I have apologies to make to several people because I have been selfish with my time. I made commitments to help others and couldn’t follow through in a timely manner. I am truly sorry. I had to carve out some space to put me first. Sounds really awful and offending to put it out there like this, but I’ve had so much trouble crafting an ending to the next Bishop Hill mystery that I had to resort to the extreme.
Isolating and focusing on my problems has paid off. I have gotten past the arson scene at the old house. The escape from a park filled with tourists. Figured out how to have a car chase through Henry county backroads. Dealt harshly with my bad guy. Now, I’m ready for the “Final Image” as outlined in Save the Cat Writes a Novel by Jessica Brody.
I was introduced to Save the Cat by Quad Cities Writers Meet Up and their fearless leader, Sandra, when the group worked its way through the whole book last year. I was surprised and pleased when my first novel, Clouds Over Bishop Hill, came out in good shape when compared to the 15 steps. I certainly wasn’t trying. In fact, I was pretty nervous about it all. I’d written my fight scene in the barn thinking it was the end of the book and then discovered that no it wasn’t, too many loose ends needed to be tied up. But I liked that scene. I couldn’t axe it. So, I wrote what I felt like was another ending. I liked that one too. I kept both. It got published and I held my breath (metaphor alert). It confused some readers, but not others. Then I read Save the Cat and found out that it was okay to do such things.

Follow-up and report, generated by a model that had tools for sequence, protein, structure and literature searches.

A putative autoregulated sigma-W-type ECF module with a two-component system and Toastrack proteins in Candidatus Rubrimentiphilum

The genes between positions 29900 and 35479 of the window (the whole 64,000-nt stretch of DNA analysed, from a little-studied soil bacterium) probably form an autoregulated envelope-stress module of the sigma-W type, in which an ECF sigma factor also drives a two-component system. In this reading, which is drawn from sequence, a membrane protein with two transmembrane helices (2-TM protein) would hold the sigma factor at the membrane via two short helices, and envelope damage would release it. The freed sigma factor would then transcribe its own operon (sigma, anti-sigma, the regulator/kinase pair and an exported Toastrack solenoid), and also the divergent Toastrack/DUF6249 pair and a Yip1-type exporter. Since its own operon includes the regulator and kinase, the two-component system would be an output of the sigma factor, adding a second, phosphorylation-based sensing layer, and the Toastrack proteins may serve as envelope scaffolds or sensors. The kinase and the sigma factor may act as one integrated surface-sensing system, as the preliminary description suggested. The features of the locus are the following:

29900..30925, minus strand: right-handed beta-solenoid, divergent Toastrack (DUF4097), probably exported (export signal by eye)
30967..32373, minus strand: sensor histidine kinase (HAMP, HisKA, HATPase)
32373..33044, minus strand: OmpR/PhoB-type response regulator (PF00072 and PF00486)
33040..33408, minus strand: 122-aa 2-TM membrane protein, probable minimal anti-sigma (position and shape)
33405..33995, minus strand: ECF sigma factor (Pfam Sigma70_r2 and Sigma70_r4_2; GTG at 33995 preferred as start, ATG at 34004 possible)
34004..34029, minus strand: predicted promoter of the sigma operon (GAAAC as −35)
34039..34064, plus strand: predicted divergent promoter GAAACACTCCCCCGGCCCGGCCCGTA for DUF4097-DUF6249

That was the first Bishop Hill book, for the second one I thought I’d be more traditional. Still, writing is hard. Writing can be even harder if you’re a pantser, as in a write-by-the-seat-of-one’s-pants type, like I am.
I created a huge diagram of the 15 steps for my wall. Have I filled it in? No. I use the book as a loose guide, a reference, and for inspiration. I still have to take my time to work things out with ideas that please me.
So, I am now encouraged enough with my “final scene” notes to emerge from my writerly time-hoarding isolation and attempt to get caught up with my other projects and commitments.